Governor Branstad told a crowd of 1,600 educators, parents, business leaders and legislators at the Iowa Education Summit that over the past decade Iowa lost its standing in educational excellence by becoming complacent while other states raised educational standards. Considering all the students in Iowa schools, the governor made the case that there are 475,000 very good reasons why Iowa’s public education system must be fixed.
Under a banner that read “world-class education=world-class workforce” Branstad stressed that the goal is not for Iowa to become simply the best school system in the nation, but rather Iowa must compete on a global stage in order to prepare Iowa with tomorrow’s workforce.
“It is my hope to build a consensus on educational reform” said Branstad. One of his goals is that Iowa students are prepared to compete on the Program for International Student Assessment (PISA), an internationally standardized assessment jointly developed by participating economies and administered to 15-year-old students.
The two-day summit being held at Hy-Vee Hall in Des Moines is one of steps the Branstad administration is taking to “retool” Iowa educational system said Jason Glass, Iowa Department of Education Director who opened the conference with welcoming remarks and moderated the program.
Keynoting the conference was U.S. Secretary of Education Arne Duncan who spoke of Iowa’s former leadership role in educational excellence and his hope that the state will work to reverse what he called a problem with stagnation. “Politics have hurt education. Education needs to be bi-partisan and non-ideological,” said Duncan. According to Duncan other nations are out educating Iowa in today’s knowledge economy.
Duncan referenced Iowa’s failure to receive Race to the Top funding because Iowa referred to its own educational system as “stalled” on its grant application form. Calling the conference an urgent wake up call, Secretary Duncan received applause when he recommended free universal preschool to prepare young children to enter school ready to learn. Additionally Duncan recommended that No Child Left Behind be entirely revamped or scrapped, and if Congress does not act to fix the mandate, the Department of Education will act on its own. “I refuse to go through another school year with a law that is so fundamentally flawed,” Duncan said.
Following Secretary Duncan’s presentation a plenary panel presented a variety of critiques and ideas about how to prepare today’s K-12 learners for college and career paths. Panelists suggested that with more than 1,400 teacher preparation institutions in the U.S., there needs to be greater effort placed on best practice standards in teacher training including getting student teachers into the classroom before the second semester of their senior year in college. Panelists also stressed that it must be easier for principles to let a teacher who is ineffective go. In many instances, removing an ineffective teacher becomes a legal battle, almost harder than proving a teacher has committed a crime.
The conference included panel breakout session which focused on attracting more top talent and better preparing teachers, setting the bar higher for teacher evaluation and competence, helping principles to become instructional leaders and not just building managers, making schools fit kids instead of kids fitting schools, and education in the digital world.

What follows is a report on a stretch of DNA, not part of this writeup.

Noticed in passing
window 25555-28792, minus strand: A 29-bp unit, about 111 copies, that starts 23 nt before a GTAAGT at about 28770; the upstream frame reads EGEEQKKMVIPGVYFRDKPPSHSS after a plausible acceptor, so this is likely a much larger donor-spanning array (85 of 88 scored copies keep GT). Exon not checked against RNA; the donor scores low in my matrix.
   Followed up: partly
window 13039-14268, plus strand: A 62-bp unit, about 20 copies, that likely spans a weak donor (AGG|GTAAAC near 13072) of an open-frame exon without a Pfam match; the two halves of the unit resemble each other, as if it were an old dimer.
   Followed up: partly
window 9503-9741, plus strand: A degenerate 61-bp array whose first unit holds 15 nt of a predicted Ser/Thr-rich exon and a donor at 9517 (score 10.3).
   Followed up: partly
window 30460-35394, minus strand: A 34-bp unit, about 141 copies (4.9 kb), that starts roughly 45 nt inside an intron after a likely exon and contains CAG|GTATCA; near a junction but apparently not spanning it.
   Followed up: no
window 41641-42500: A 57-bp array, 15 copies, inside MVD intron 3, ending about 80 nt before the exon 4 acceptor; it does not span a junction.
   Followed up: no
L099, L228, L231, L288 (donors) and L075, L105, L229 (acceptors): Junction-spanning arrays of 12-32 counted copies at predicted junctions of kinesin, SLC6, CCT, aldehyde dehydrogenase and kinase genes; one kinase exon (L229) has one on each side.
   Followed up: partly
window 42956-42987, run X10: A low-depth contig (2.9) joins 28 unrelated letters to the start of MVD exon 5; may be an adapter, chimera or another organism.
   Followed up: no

Throughout the day, conference participants were asked to use ActivExpression, an interactive feedback device, to respond to survey questions. The wireless digital devices by Promethean, a multinational educational company specializing in interactive learning technology, recorded responses and, in real time, charted the survey answers which were displayed on large projector screens. This type of technology can be used in classrooms to provide formative student assessments so teachers can immediately adapt a lesson to meet the needs of students as they are learning.
The summit also provided a Twitter site, #IaEdSummit, which allowed conference attendees to Tweet comments and interact with one another throughout the event.
An afternoon presentation by Dr. Linda Darling-Hammond, a professor of education at Stanford University, gave some of the conferences’ best research-based substance. Three of her key points stressed that to improve education there needs to be an emphasis placed on professional development of teachers to keep them up to date with best practices, particularly in teaching the most difficult students; a greater collaboration between teachers and principals; and an emphasis on tests that are worth teaching to. Darling-Hammond ended her presentation with a twist on an old saying, “Those who can, do. Those who understand, teach.”
New Jersey Gov. Chris Christie who has tackled public education and the teacher’s union in New Jersey concluded the day’s presentations a sobering talk about education today by saying that school choice is an economic not a partisan issue and that the changes needed to fix public education are needed now. He highlighted his concern for tenure as a system that does not reward excellence and promoted performance-based pay. Christie’s talk was not well received by the bulk of the summit attendees if the tenor of the Tweets during his talk can be used as a measure. Noting that the course we are on will lead to failure, Governor Christie told participants, “We need to focus more on the things that unite us.”
The conference will conclude tomorrow.
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